"The previous name, the World Wide Web Ouija, made use of a trademark, ouija, which is owned by Hasbro Inc. Their lawyers did not like the use of the word and asked me to change the name of these pages."
Whether or not it is advisable to purchase or fashion a version of the Ouija Board in order to try it is a matter of great debate. The Ouija Board has its history firmly rooted among the popularisation of spirit communications and conversations with the dead. As a result, it could hardly fail to become shrouded in mystery and superstition. Some of the more popular myths and superstitions surrounding the board include:
1). Never play the board alone.
2). Should the planchette move to the four corners of the board then an evil spirit has been invoked.
3). Should the planchette fall from the board a spirit will get loose.
4). A Ouija Board will scream on attempts to burn it, and if it is heard the unfortunate listener will have a mere thirty six hours to live.
5). Never ask about the following: potential death dates (when might I die?), God or buried gold and treasure.
These are to name only a few. However even though the board has quite a formidable reputation as a tool to be avoided, it would appear that two distinct camps have arisen over the years. There are those who vehemently oppose and warn against the use of the Ouija Board and those that are arch sceptics. The latter, or more sceptical tend to cite a variety of wholly interesting but very down to earth phenomena to explain away the seemingly inexplicable movements of the planchette. The former and more superstitious camp tend to use words like, demon, possession, evil spirits etc. Some even go as far as to quote passages from the bible. Regardless of opinion, passions about this subject tend to run exceptionally high.
During the 1930's an American researcher called J B Rhine took the whole area of psychical research into the laboratory. On doing this he managed to ascertain the existence of psychic ability, but this served only to widen the growing split between Spiritualism and the scientific study of psychic phenomena. This meant that for the sceptics the spirits were beginning to lose their grip. Demons, evil spirits and communication from beyond the grave, were now being replaced by terms like Ideomotor Effect or action, automatism theory, autosuggestion, facilitated communication, self delusion, telekinesis and telepathy.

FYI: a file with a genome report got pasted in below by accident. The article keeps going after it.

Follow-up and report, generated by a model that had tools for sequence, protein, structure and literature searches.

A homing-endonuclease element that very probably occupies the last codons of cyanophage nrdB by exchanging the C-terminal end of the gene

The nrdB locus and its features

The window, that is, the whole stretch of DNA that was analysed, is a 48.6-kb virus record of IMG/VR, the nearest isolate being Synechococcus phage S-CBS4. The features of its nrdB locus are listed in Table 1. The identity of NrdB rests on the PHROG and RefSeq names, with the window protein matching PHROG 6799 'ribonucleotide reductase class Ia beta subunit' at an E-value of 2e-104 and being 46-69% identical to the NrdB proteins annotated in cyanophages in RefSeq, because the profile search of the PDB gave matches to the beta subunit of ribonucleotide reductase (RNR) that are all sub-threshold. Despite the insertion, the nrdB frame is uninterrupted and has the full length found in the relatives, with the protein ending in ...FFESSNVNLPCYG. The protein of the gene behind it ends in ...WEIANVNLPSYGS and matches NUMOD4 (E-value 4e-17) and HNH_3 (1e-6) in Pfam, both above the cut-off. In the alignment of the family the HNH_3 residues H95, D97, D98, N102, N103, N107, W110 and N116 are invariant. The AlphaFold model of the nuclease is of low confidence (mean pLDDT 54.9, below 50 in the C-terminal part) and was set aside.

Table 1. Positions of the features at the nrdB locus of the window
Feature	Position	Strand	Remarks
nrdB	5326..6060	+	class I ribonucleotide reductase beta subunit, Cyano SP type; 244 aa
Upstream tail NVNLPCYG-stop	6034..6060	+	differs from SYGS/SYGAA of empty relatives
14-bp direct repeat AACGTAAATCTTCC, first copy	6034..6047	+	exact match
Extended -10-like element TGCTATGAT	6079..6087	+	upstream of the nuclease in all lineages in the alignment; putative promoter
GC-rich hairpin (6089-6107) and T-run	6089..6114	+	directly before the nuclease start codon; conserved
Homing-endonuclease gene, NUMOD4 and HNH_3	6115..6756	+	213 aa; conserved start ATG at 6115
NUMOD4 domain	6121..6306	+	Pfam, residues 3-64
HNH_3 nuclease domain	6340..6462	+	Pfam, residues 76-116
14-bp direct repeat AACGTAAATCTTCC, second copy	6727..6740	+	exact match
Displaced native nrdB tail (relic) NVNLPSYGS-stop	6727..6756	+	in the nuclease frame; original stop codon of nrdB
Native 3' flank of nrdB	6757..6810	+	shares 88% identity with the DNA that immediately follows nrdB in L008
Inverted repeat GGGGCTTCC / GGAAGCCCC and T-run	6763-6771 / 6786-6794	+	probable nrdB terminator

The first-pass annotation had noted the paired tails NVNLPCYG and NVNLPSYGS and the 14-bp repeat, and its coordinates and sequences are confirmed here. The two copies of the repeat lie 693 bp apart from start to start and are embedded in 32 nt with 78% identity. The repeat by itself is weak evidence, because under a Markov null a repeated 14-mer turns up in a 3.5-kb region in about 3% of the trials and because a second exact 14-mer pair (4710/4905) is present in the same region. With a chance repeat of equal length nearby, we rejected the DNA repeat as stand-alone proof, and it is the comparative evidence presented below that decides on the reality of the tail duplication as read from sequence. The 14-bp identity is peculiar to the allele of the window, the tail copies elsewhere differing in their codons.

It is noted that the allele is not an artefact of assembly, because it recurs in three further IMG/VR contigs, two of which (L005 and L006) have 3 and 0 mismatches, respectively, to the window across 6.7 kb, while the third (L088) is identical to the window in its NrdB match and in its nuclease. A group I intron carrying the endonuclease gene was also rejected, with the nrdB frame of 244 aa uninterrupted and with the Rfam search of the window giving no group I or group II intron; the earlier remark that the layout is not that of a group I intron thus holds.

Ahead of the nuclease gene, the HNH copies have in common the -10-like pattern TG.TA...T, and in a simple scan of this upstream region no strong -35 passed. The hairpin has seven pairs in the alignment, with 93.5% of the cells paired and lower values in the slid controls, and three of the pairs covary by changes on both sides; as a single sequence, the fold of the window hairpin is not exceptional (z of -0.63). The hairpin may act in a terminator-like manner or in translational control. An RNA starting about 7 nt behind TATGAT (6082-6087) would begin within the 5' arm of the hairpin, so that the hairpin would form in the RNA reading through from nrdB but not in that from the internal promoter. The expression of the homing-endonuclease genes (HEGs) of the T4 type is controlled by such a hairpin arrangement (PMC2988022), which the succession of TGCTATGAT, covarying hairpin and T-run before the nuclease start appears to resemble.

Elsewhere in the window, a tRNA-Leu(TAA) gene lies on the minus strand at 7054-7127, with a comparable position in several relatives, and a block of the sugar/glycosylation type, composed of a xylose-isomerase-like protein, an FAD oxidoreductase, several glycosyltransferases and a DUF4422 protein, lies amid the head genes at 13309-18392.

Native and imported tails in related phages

The ideomotor action was a phrase coined by William Carpenter in 1882 and it was an umbrella term for a variety of 'involuntary or unconscious motor behaviour' which he used to explain away a wide variety of paranormal phenomena. This included the seemingly involuntary movements of dowsing rods, pendulums, pointers on ouija boards and tilting tables. Carpenter believed that muscular movement could in fact be initiated by the mind, independently of 'volition or emotions'. In other words a person may in fact be moving something, but even though it is them doing it, they are not actually consciously aware of the fact, thus giving rise to a feeling of paranormality. Automatism theory, autosuggestion, facilitated communication and self delusion are all variations of this theme, i.e. the individual is responsible for board movements, but for whatever reason is not aware of the fact. Telepathy and telekinesis have also been cited as possible candidates to help explain the ouija board, but conclusive proof of their existence also remains debatable.